(Music) September Wrap-Up

I've never done one of these before, but I've been hella busy with school these days, so here it is.

Justin Timberlake: "Futuresex/Lovesounds" - Apparently, Justin Timberlake thinks about sex more than a 12-year-old boy. I'm just assuming this because nearly every song on this album is about sex in some form or fashion, or at least something that will undoubtedly lead to sex. Also frustrating is the fact that Timbaland, T.I., Three Six Mafia, and Will.I.Am. just seem like Justin is searching for credibility. You had it. It was called "Justified." But now it's gone forever.

2 out of 5 Stars

Mastodon: "Blood Mountain"
- Admittedly, I'm not really a metal fan. But I have to say that this album thoroughly gave my balls a good rocking, and I will continue coming back to this one for a good couple of months if I feel that they could use even more razor blade hugs! Definitely an album to give to the sissy kid down the street who's still playing with micro machines instead of big kid guns.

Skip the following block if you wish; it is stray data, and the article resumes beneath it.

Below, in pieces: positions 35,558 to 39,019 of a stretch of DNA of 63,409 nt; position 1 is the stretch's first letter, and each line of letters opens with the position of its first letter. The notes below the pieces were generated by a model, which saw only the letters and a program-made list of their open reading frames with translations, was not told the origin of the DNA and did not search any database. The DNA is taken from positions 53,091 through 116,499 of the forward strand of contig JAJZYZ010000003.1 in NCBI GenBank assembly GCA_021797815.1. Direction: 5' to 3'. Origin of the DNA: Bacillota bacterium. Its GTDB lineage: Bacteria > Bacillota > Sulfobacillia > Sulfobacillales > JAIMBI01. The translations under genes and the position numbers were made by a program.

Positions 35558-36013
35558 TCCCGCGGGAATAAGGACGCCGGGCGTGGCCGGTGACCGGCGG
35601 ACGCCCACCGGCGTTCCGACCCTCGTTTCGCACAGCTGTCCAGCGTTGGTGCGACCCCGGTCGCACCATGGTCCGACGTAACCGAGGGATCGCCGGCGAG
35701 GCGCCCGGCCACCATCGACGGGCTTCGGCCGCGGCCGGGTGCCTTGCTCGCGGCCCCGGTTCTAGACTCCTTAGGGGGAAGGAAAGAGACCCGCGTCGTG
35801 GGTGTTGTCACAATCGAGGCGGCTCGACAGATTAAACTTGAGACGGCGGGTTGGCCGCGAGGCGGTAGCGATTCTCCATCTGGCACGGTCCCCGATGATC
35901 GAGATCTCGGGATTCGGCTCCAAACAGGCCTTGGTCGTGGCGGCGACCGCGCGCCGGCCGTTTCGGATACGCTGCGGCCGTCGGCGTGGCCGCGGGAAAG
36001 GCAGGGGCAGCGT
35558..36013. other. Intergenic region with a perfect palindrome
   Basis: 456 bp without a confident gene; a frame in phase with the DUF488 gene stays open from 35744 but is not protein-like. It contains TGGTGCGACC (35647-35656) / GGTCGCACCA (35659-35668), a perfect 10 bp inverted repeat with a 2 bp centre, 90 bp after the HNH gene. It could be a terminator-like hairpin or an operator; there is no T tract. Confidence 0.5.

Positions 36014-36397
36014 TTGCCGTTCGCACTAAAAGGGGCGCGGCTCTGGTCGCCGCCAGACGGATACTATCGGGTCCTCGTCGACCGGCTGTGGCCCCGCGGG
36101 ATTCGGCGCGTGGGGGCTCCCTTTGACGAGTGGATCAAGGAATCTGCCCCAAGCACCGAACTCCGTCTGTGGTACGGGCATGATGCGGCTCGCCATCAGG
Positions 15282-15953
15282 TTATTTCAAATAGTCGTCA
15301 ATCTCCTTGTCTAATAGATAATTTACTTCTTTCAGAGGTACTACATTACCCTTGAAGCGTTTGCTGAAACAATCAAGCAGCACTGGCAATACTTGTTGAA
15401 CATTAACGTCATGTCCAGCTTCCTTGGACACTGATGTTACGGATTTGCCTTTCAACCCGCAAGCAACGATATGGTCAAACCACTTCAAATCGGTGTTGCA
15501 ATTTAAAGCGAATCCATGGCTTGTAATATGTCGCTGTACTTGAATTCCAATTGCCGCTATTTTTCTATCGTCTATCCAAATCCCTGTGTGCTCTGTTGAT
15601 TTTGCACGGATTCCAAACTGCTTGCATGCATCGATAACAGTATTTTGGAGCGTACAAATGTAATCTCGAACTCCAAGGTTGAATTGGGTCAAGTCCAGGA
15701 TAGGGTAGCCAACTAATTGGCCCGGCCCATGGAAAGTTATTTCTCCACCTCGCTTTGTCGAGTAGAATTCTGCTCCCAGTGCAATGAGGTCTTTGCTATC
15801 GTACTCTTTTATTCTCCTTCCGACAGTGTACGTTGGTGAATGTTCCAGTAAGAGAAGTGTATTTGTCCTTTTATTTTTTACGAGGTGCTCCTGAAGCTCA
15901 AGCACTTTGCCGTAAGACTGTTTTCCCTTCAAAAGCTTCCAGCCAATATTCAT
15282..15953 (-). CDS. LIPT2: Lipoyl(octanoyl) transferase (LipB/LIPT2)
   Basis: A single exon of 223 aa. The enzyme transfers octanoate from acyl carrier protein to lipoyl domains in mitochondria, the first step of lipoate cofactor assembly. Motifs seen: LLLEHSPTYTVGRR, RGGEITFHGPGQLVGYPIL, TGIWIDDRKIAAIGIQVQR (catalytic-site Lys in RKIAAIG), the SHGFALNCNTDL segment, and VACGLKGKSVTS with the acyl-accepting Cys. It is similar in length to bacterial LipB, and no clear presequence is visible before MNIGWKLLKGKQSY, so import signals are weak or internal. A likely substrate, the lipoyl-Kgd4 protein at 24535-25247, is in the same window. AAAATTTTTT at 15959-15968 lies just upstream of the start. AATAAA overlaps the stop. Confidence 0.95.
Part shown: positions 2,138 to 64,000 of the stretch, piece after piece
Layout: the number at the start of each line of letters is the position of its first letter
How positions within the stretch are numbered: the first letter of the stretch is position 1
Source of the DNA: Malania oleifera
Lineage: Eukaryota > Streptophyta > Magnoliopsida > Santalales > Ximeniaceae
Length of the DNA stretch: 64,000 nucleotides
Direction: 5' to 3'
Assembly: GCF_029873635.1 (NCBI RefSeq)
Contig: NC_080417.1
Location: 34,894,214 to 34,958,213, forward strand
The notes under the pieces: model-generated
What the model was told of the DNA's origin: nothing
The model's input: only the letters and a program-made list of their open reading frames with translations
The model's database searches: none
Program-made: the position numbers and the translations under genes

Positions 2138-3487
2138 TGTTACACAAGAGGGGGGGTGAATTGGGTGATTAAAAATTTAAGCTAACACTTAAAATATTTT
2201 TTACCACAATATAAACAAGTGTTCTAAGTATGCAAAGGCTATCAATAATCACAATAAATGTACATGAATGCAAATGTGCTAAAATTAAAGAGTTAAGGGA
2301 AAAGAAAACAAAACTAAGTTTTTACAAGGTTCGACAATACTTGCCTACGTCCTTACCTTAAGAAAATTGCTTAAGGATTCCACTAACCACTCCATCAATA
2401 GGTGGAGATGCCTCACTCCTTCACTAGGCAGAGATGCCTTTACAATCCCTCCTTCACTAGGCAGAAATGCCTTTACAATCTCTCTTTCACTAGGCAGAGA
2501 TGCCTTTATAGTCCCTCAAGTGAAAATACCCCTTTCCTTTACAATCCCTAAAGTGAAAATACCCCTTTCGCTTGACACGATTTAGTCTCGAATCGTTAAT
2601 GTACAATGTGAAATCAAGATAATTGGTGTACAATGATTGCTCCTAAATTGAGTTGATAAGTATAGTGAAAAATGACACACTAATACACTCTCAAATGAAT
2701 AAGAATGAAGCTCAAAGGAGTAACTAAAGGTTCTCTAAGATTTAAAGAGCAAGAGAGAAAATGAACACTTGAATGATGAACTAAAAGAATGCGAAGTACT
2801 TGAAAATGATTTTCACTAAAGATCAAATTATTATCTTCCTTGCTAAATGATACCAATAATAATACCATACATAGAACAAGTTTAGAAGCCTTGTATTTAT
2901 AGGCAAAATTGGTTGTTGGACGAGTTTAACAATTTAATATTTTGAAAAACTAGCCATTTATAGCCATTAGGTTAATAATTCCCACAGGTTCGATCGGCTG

4 out of 5 Stars

Bonnie "Prince" Billy: "The Letting Go" - I've let go. This album is awesome, featuring some of the best songwriting that I've heard in 2006 and probably one of the most honest vocal performances as well. If you're unfamiliar with Bonnie "Prince" Billy, this is a great place to start. I know, because I've just started. I have too much to get caught up on, so I'll just pretend that the rest of the albums don't exist. "The Letting Go" is a phenomenal debut album!

4 out of 5 Stars

Yo La Tengo: "I Am Not Afraid of You and I Will Beat Your Ass" - Not the greatest album in the world, but it's still a pretty good one. It's your standard indie rock album. The lyrics are, at times, moving and the melodies are often enchanting. My only complaint about the album is that the vocal performances are lackluster, probably due to lack of skill than anything else, but still aggravating nonetheless. Don't let that discourage you though, this is good stuff, even if it comes off as a bit careless, but then again, they aren't afraid of us.

3 out of 5 Stars